Over-the-counter opioids are available without a prescription and are generally used to treat either mild to moderate pain or a cough.
Although easier to obtain than prescription or illicit opioids, they still come with the same risks and many of the same side effects as their stronger counterparts.
What Are Over-The-Counter (OTC) Opioids?
Over-the-counter (OTC) opioids are opioids that are available to the general public without a prescription. They are not always available in every state, however, and may require an ID in order to purchase.
The opioid ingredient that you most often see in OTC opioid medications is codeine. In order to be sold over the counter, the dose of codeine must below and it must be combined with at least two other medicinal ingredients.
Medicinal ingredients found in over-the-counter opioids include:
Risks Of Over-The-Counter Opioids
OTC opioids may contain a much lower dose of the active opioid ingredient than the prescription options, but that does not mean they are without risks.
In some ways OTC opioids could be considered even more dangerous than prescription opioids because they are so readily available. The real danger starts when one of these medications starts being misused.
Ways to misuse a medication include:
- taking more than the recommended dose
- taking it when not medically necessary
- mixing multiple products together
- taking it in ways not intended (for example, crushing up and snorting a pill that is meant to be taken orally)
When taken in high enough doses, OTC opioids produce the same euphoric effects that both prescription and illicit opioids are known for.
For this reason, addiction is highly possible, and unfortunately, the product is relatively easy to obtain.
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Side Effects Of Over-The-Counter Opioids
The side effects of OTC opioids will be much milder than those with prescription opioids, and will oftentimes depend on the other active medicinal ingredients. Side effects will be stronger if the medication is misused or abused.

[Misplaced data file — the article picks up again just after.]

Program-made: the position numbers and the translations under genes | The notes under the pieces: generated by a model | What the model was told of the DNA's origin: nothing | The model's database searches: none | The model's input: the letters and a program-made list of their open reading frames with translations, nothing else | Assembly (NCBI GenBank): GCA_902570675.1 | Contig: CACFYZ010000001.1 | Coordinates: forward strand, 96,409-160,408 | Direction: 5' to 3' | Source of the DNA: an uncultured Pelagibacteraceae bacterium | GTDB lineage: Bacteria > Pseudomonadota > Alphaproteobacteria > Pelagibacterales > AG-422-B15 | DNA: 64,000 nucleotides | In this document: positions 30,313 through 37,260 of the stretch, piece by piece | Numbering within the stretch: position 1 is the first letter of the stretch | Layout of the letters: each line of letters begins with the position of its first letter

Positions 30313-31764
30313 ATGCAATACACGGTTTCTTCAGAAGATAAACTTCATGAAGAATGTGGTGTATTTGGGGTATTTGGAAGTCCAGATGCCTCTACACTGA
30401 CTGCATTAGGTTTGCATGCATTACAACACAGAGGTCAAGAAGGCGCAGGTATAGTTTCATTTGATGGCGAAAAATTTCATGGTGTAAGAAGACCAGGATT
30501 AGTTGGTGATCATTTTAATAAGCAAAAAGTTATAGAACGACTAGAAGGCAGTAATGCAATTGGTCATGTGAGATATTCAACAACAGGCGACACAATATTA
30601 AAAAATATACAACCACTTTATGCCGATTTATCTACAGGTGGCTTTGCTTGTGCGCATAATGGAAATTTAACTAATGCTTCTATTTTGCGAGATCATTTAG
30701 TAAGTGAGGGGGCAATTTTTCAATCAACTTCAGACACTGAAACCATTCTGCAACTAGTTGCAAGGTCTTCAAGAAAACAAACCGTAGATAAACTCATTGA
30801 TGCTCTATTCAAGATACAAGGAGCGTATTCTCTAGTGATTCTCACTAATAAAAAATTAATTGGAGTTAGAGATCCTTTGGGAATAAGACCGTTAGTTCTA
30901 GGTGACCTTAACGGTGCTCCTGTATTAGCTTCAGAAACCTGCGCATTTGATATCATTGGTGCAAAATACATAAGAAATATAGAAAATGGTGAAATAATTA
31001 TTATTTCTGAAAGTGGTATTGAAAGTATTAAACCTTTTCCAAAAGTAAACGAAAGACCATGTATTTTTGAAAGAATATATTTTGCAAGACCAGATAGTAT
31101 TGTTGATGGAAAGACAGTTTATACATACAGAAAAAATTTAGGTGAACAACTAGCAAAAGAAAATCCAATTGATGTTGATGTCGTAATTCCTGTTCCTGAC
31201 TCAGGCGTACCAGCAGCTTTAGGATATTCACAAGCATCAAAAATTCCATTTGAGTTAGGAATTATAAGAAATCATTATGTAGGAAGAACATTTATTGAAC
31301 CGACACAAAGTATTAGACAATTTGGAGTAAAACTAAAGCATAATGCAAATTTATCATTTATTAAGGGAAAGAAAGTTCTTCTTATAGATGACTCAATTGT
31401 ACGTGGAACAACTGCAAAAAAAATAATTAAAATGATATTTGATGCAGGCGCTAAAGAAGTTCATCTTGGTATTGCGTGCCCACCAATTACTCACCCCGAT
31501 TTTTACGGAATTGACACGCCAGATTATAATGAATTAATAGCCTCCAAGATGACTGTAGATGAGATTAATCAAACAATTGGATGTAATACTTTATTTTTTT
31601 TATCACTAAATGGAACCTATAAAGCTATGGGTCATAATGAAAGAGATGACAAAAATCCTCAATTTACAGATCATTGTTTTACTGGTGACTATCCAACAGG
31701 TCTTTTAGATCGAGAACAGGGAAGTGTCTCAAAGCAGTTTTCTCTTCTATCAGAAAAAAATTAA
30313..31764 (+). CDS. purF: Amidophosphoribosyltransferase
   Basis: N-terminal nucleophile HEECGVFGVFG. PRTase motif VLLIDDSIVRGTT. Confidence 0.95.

Side effects of over-the-counter opioids include:
- difficulty urinating
- stomach pain
- nausea and/or vomiting
The side effects of OTC opioids will become stronger with higher doses, at which point the individual can develop slow and shallow breathing and potentially lose consciousness.
Is It Possible To Overdose On Over-The-Counter Opioids?
While it would take a much larger amount to overdose on an OTC opioid than on a prescription opioid, it is possible. These medications are never meant to be taken in high doses or long-term.
It is also important to note that OTC opioids are often misused in combination with other substances, most commonly alcohol, marijuana, and other OTC medications. Complications are more likely to arise when these substances interact with each other.
Finding Treatment For An Opioid Addiction
If you or someone you love is struggling with an addiction or dependence to opioids of any kind, it is important to seek help right away. Calling our helpline is 100% free and confidential.
We can help you find:
- an individualized treatment plan created just for you
- access to evidence-based services and therapies
- supportive and understanding case management
- aftercare planning to ensure long-term success
Please do not wait any longer to get the help that you need — recovery is just a phone call away.
Published on June 4, 2021
Addiction Resource aims to provide only the most current, accurate information in regards to addiction and addiction treatment, which means we only reference the most credible sources available.
These include peer-reviewed journals, government entities and academic institutions, and leaders in addiction healthcare and advocacy. Learn more about how we safeguard our content by viewing our editorial policy.
- National Institute on Drug Abuse — Over-the-Counter Medicines
- U.S. National Library Of Medicine — Codeine
- U.S. National Library Of Medicine — Pharmacological Aspects of Over-the-Counter Opioid Drugs Misuse